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I was fascinated reading about the Churchill sisters.Reaading about their personal relationship with their dad Winston Churchill.Loved learning about their place in British society.I really enjoyed this book will be recommending it to my book club for discussion.#netgalley #st.Martins
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So, I am a historian who once took an immersive course on Winston Churchill and wrote a paper about how his wife and Chartwell sustained him. Yet, thirty years later, I remembered little, if anything, about his three surviving daughters.

This book changed that.  It tells the stories of Diana, Sarah, and Mary, who were all devoted to their parents. Churchill depended on them as much as they depended on him, but despite their parents’ love, the older two led troubled lives. Diana struggled with mental health issues and Sarah had problems with alcohol dependence (as did their brother, Randolph). Only the youngest child, Mary, flourished.

But the book doesn’t seek to sensationalize these issues; rather, it’s an extremely sensitive portrayal of the problems endured by the Churchills, at a time when support for mental health was not as good as it is today (not that it *is* good today).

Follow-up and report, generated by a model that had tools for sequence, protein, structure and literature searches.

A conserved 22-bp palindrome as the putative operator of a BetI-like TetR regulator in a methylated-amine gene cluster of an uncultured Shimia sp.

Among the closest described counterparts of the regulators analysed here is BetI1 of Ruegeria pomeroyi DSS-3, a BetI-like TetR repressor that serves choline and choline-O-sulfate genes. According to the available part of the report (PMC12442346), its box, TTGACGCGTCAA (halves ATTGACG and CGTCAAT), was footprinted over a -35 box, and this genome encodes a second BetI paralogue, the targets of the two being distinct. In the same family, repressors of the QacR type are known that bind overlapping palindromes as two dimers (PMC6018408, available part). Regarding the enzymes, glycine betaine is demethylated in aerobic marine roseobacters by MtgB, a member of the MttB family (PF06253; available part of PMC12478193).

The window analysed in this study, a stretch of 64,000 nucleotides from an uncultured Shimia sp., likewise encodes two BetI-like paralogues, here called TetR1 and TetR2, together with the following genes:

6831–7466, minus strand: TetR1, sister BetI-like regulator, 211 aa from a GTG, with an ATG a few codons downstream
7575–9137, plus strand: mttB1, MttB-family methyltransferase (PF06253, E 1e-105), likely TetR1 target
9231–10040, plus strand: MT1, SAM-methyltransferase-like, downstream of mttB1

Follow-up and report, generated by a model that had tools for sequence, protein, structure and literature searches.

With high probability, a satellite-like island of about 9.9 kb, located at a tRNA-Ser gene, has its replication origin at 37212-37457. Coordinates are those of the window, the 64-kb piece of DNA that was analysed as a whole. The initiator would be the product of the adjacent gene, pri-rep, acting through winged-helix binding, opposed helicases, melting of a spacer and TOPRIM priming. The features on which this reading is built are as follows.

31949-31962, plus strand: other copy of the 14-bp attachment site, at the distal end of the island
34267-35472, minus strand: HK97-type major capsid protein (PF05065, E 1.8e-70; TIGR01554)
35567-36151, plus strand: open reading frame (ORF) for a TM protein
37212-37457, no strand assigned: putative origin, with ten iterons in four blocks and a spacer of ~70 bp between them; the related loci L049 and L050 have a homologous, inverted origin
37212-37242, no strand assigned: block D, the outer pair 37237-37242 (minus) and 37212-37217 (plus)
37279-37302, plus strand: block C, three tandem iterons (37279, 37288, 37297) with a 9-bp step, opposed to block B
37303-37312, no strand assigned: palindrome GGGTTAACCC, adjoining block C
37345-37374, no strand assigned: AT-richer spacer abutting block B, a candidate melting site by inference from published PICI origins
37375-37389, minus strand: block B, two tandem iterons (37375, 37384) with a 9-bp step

Do not be intimidated by the fact this book is non-fiction. It is a quick and easy read, difficult to put down once you get into it. If anything, it made me want to learn more about the Churchill family. #TheChurchillSisters #NetGalley
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An interesting and fascinating story about the children of Winston Churchill and how the family was as a unit.
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Very well arranged and researched resource.
As someone who has written countless research papers throughout high school, college, and even during my career, I love a good secondary resource. This book is great for any fan of Winston Churchill and his family or anyone who loves reading about the real lives of some of those larger-than-life individuals in history.

Fascinating read illustrating parenthood, family bonds, politics, and drama.